Don’t come to Split for the beaches, though. Too pebbly, too concretey. Luckily, an hour away by ferry is the island of Brac, on whose south coast lies Zlatni Rat — stupid name, beach of dreams. It’s the triangle of fine golden shingle (the name means “golden horn”) poking into the azure sea that you’ll have seen on countless tourist-board posters. Touts will try to charge you £18 a day for a parasol, but the pines at the back provide plenty of shade. It’s a plonk-and-laze classic, but what few people mention are the perfect windsurfing conditions when the afternoon mistral blows. Hire the requisite kit from Big Blue Windsurfing, from £20 (bigbluesport.com).
Your Brac-based lunch is inland at Kopacina tavern: spit-roast lamb with spuds, owner Ivo’s homemade wine and Adriatic views (mains from £10; konoba-kopacina.com).
If you’d like to loiter on Brac after the day-trippers have gone, the 35-room Lemongarden opened last July in a 300-year-old mansion and instantly became the island’s hippest getaway. Beyond the back door is a manicured garden, a pool and a private beach (doubles from £212, B&B; lemongardenhotel.com).
Back in Split, rooms at the Judita Palace, a Venetian noble’s house on the central square, are a lucky dip of Renaissance beams and gothic fireplaces (doubles from £110, B&B; juditapalace.com).
- Siestas are standard practice in Dalmatia: sights and museums generally close from midday to about 5pm
A beach with a Franciscan monastery attached, also in Hvar town
It’s Bardot-era St Tropez meets Ibiza: the dressed-down rich stepping from yachts to dine on Hvar town’s waterfront prom; sassy youngsters topping up their tans at Hula Hula Hvar Beach Club (hulahulahvar.com), then necking sundowners at Carpe Diem bar, before shuttling to an island beach party (carpe-diem-hvar.com). If that’s not your style, there’s a lovely Venetian town ready for lazy mornings in cafes on the Renaissance main square and strolls up through the cat’s-cradle of lanes to a 16th-century castle.
Hvar town’s summer sizzle masks older truths of island life. In the interior, Velo Grablje village clings on through sales of lavender and honey. Down the hill, Malo Grablje is a ghost town redefined as an ethno-eco village. Visit both on an off-road day trip (£80pp, including lunch; secrethvar.com).
White-shingle bays hide among the sawtooth-shaped Pakleni Islands, which dangle into the bay off Hvar town like a bunch of grapes. Take a water taxi (£5 return) to the least posey island, Marinkovac, and follow the path to Mlini Bay. After 10 minutes, you’ll pop out of the pines to a quiet beach with calm, sapphire water.
To be near the nightlife, the Adriana Hvar Spa hotel sits on the harbour in Hvar town. It’s a glossy resort, where they’ll pour you a glass of fizz when you arrive. The standard rooms are a mite poky, so it’s worth upgrading to a suite (doubles from £108, suites from £184, B&B; suncanihvar.com).
Or stay in Stari Grad, 20 minutes away by car and 20 years away in atmosphere. Here, Hidden House, a B&B in a traditional Dalmatian house, feels more like a homestay with your new best pals, owners Chris and Amanda (from £70, B&B; hidden-house.com).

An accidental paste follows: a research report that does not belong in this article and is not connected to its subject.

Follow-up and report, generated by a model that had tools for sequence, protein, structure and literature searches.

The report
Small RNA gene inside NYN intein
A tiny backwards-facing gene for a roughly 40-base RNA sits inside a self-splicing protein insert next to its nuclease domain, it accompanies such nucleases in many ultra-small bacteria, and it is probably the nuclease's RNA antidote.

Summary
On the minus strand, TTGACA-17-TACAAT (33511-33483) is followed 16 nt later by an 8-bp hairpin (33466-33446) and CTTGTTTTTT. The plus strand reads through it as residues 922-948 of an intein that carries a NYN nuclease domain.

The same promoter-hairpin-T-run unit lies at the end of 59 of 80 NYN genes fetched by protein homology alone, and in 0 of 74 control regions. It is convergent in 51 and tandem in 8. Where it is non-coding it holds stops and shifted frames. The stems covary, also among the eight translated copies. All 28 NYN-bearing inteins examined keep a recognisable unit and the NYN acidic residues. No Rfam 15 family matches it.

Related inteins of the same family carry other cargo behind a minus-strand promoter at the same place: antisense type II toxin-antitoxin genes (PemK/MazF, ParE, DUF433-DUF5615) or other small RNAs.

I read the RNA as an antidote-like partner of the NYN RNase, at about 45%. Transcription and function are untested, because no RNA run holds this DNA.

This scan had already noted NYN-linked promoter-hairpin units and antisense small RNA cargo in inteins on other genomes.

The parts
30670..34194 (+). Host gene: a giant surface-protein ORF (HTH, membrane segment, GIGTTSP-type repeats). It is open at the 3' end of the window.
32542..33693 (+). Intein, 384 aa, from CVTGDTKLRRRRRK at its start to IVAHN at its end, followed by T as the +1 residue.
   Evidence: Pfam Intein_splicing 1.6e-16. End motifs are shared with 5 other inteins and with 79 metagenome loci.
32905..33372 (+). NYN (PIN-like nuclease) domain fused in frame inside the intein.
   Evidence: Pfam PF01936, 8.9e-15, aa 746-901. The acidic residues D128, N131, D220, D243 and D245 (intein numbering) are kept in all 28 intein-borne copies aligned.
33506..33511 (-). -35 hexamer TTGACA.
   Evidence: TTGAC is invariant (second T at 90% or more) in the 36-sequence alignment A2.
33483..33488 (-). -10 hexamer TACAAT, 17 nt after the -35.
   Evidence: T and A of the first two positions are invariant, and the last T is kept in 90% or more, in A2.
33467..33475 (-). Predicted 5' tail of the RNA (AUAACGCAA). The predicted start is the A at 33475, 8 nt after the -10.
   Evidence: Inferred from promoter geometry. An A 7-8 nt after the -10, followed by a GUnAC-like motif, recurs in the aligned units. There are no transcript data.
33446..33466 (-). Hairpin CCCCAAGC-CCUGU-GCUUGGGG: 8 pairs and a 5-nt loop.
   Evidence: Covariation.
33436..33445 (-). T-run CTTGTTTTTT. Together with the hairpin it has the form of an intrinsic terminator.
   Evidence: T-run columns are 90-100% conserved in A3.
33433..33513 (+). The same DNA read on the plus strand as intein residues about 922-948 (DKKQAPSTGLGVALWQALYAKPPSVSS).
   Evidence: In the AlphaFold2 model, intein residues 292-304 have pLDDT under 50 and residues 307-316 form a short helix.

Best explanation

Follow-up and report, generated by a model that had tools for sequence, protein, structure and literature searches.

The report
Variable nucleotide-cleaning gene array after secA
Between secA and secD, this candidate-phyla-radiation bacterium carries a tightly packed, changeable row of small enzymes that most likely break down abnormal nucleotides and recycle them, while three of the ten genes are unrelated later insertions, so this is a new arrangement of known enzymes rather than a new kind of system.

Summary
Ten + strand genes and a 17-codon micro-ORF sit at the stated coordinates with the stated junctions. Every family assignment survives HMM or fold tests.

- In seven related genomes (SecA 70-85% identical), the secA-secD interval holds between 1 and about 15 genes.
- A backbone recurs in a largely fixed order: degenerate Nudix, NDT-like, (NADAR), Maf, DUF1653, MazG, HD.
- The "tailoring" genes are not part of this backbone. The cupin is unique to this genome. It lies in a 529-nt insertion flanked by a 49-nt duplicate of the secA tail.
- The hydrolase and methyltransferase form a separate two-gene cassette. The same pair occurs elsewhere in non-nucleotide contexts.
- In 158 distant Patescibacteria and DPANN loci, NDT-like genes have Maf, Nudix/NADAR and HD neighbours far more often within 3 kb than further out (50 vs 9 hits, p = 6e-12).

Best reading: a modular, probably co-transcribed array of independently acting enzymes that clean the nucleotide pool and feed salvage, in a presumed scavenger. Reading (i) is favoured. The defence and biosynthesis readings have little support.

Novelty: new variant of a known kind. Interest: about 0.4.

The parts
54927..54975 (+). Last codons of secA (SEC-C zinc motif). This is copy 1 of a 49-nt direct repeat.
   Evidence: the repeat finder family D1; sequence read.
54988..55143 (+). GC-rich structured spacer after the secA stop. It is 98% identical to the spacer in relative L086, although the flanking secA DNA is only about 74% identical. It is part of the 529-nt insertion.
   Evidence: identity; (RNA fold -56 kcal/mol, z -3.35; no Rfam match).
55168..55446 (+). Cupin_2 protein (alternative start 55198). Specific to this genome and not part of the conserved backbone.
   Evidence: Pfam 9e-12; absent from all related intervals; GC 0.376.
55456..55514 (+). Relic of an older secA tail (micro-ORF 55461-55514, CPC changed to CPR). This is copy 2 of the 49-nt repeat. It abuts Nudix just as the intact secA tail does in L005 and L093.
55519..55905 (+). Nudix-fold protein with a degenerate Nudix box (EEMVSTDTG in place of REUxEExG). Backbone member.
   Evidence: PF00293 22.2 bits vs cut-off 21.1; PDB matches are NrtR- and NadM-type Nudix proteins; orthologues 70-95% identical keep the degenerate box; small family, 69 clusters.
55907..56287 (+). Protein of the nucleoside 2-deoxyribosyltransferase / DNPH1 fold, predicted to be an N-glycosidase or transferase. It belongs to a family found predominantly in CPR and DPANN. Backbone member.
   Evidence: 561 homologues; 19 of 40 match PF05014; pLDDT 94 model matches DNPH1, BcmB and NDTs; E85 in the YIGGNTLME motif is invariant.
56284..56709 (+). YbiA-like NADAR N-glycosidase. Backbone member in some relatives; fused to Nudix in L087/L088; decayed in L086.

When in Hvar… boat over to Palmizana island (£7 return) for a glitzy dinner at Laganini, where the fish, priced by weight, has a habit of leaving a nasty surprise on your bill. Go for the gregada, a stew of seafood and spuds, to keep costs sensible — or stuff it and get the lobster brodetto stew. Bono came here last year. Loved it, apparently (mains from £25; laganini-novak.com).
Ferries, flights & villas
Lesic Dimitri Palace hotel, on Korcula
At its best, riding the ferry through Dalmatia is like taking a series of mini-cruises for the price of a pint. But there are pitfalls.
Though a car gives you greater freedom once you make landfall, it limits your ferry options. Most car-ferry routes are out of Split, meaning you’ll often have to double back. Costs mount — Split to Hvar one way costs £4.50pp, plus £30 for a car — and demand exceeds supply in summer. Reserve or arrive early, and prepare to queue (jadrolinija.hr).
On foot, you’re guaranteed passage on (slower) car ferries, though (faster) passenger-only catamarans can sell out. You can also take advantage of inter-island ferries. The private operator Kapetan Luka runs daily services from Split to Dubrovnik via Brac, Hvar and Korcula, and also from Split to Vis via Hvar. Split to Hvar costs £9 one way (krilo.hr).
Local buses and taxis greet most ferry arrivals, and hiring a scooter is a simple way to explore further afield.
Don’t be too ambitious. Three destinations is about right. My favourite tour is culture in Split, hedonism on Hvar, then relaxation on Vis. Dubrovnik to Split via Korcula and Hvar is also a winner.
The villa market is at the fledgling stage in southern Dalmatia, but there is good stuff out there. Expect a minimum one-week stay for July and August. Some operators allow three nights during other months.
Croatian Villa Holidays has more than 450 properties, including Dream Villa, a solar-powered two-bedroom place above its own beach, near Zlatni Rat, on Brac (from £1,610 a week in June; croatianvillaholidays.com). Croatian Villas has an airy four-bedroom pad on Vis, with a roof terrace overlooking the harbour (£179 a night in June; croatianvillas.com). Croatia Gems has a good spread of cheaper stays (croatiagems.com).
In summer, between British Airways, easyJet, Flybe, Jet2, Monarch, Norwegian and Thomson Airways, dozens of flights a day go to Dubrovnik. You’ll want Split for Brac, Hvar and Vis, served by British Airways, Croatia Airlines, easyJet, Norwegian, Thomas Cook, Thomson Airways and Wizzair.